As I step out of a police truck with two policemen sitting up front and three sitting on a bench in the bed of the truck, I motion with my camera to a little girl standing by herself, seeking permission to take her photograph. She very shyly indicates her approval by barely nodding her head. By the time I have snapped the picture, I am suddenly swarmed by a group of Arab children, each wanting me to take their picture as well, and, of course, anxious to see it once I have. By the children's smiling faces and beaming, bright eyes, you would never guess that they live with their families in tents with walls composed of blankets, sheets, tarps and anything else large enough to serve the purpose. Sanitation is non-existent on this piece of garbage-covered land, nestled in between the highway and apartment buildings. Two water tanks have been provided by the Governorate of Sulaimaniyah, with water trucked in a couple times a week. Approximately 80 internally displaced Arab families, roughly 420 persons, inhabit Qawala camp, on the southern outskirts of Sulaimaniyah in Iraqi Kurdistan. The camp is considered illegal by the Governor's office. The land is private property. The first families set up their tents a year and a half ago to escape the sectarian violence in their hometowns, throughout Baghdad and Diyala province. Some have since returned in exchange for a small monetary compensation offered by the Governor's office. Many more, however, fear for their lives and wish not to return, at least not now. "We have to accept the reality that these families are here" and do something to assist them, said Hewa Jaff of the Governorate of Sulaimaniyah's Public and Foreign Relations Office. Though the Governorate has received some assistance from international organizations, such as the International Committee for the Red Crescent (ICRC) and the United Nations High Commissioner for Refugees (UNHCR), much more is needed. Qawala is not the only internally displaced persons (IDP) camp in the area. Others exist in the two other governorates of the Kurdistan Regional Government as well. Jaff, who visits with the IDPs in Qawala on a regular basis, has worked to find other locations where the camp can officially be established, as the violence has no foreseeable end. The criteria for choosing locations are pretty stringent, Jaff explains. One site was ruled out for being too close to Kirkuk. Another for being too close to the Iranian border. Three sites have since been chosen. The final decision will come from the Kurdistan Regional Government's Minister of the Interior. The problem, Jaff continues, is that the camp management proposals received by the Governor's office from international NGOs will only sustain the camp for a few months. The Governor's office cannot take on the management task, as it does not have the budget for such action. At the UNHCR Geneva conference in April 2007, the Iraqi central government pledged to allot funds to Iraqi refugees in neighboring countries and to its own IDPs. The Governorate of Sulaimaniyah has not seen any such funds, says Jaff. The same point was confirmed by Venus Shamal Karim with Kurdish Human Rights Watch. Considering Kurdistan is presently the most stable and secure region within Iraq, continued preservation of this condition should be taken into consideration as officials continue to work toward some form of conflict resolution. In addition to existing in extremely poor conditions, IDPs, as well as refugees in neighboring countries, increasingly strain local economies. In order to maintain the present stability, the Iraqi Central Government needs to provide greater assistance for IDPs. Additionally, the international community, particularly the US and Iraq's neighbors, should take a vested interest in preventing additional instability in the northern region and potentially greater chaos throughout the country and within the region as a whole.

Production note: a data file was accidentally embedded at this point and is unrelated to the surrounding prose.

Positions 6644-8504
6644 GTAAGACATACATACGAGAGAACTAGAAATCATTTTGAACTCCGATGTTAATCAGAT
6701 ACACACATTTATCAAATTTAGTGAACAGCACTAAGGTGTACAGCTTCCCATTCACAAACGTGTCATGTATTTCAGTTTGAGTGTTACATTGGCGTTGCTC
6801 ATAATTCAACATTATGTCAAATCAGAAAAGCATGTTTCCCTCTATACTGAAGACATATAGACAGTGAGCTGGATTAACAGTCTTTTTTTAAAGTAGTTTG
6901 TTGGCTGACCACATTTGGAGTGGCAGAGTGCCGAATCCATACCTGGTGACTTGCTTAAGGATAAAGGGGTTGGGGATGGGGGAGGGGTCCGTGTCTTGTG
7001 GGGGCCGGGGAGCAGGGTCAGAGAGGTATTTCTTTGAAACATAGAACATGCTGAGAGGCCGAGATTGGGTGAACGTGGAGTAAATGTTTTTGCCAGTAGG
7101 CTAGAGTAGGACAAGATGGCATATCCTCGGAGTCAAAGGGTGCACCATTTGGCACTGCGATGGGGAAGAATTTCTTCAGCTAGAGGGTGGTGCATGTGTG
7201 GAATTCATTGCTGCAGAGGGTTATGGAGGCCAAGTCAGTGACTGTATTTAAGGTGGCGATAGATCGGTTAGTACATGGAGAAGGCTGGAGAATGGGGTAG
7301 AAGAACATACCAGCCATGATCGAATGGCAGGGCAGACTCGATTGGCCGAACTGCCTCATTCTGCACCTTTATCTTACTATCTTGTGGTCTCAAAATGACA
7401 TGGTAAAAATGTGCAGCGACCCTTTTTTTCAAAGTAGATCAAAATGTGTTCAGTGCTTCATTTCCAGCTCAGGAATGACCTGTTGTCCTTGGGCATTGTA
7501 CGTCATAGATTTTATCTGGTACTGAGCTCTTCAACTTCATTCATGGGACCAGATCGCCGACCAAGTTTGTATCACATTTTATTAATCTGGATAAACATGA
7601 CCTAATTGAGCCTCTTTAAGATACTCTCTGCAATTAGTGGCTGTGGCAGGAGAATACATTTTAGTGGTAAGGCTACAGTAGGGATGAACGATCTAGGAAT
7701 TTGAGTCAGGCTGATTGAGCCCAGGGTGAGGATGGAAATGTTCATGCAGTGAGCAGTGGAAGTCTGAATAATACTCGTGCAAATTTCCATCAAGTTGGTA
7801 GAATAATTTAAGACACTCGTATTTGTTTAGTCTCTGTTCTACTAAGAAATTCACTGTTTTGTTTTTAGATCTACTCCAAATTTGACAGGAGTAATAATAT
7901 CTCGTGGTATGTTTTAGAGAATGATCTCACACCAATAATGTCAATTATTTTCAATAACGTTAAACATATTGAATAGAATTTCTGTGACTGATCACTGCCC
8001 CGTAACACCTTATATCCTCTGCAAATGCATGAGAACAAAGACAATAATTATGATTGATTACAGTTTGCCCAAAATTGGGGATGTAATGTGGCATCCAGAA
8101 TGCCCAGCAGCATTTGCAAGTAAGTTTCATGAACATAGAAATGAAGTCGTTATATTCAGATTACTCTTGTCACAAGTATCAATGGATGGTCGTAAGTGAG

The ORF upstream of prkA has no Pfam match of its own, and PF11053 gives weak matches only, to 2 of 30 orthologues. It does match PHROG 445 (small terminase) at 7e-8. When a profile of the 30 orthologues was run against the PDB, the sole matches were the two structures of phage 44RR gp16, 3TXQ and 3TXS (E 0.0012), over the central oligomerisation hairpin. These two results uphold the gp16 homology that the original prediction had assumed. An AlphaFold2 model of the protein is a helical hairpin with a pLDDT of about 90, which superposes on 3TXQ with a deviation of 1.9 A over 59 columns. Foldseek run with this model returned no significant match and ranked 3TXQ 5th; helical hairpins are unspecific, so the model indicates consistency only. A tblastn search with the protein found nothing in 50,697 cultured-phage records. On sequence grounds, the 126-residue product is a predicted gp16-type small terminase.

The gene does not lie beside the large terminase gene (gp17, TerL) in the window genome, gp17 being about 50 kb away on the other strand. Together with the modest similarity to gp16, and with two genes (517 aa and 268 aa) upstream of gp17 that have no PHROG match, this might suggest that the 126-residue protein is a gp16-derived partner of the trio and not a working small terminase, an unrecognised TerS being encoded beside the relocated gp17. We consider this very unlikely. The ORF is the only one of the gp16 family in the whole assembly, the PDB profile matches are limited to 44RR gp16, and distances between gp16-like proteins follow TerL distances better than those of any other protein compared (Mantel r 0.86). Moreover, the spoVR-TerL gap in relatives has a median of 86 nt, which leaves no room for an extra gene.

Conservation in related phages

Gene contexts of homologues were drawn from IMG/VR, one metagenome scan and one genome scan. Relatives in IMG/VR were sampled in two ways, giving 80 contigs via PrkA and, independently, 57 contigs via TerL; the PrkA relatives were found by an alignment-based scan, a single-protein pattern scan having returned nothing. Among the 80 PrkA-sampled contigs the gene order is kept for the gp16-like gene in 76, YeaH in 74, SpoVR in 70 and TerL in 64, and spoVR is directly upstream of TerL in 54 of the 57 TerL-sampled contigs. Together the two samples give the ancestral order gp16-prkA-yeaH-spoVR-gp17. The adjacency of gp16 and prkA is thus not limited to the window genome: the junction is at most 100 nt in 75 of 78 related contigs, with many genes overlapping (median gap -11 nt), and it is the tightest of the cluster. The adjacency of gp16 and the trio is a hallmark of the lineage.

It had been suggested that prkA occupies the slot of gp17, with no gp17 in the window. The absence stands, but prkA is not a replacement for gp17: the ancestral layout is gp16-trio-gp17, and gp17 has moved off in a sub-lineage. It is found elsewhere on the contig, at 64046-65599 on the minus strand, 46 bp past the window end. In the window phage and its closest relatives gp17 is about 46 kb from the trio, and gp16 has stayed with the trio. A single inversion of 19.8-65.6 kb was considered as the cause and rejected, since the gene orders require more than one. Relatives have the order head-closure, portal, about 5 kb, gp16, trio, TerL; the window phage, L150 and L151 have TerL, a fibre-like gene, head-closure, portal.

Baghdad residents to receive ID badges in hopes of fighting insurgency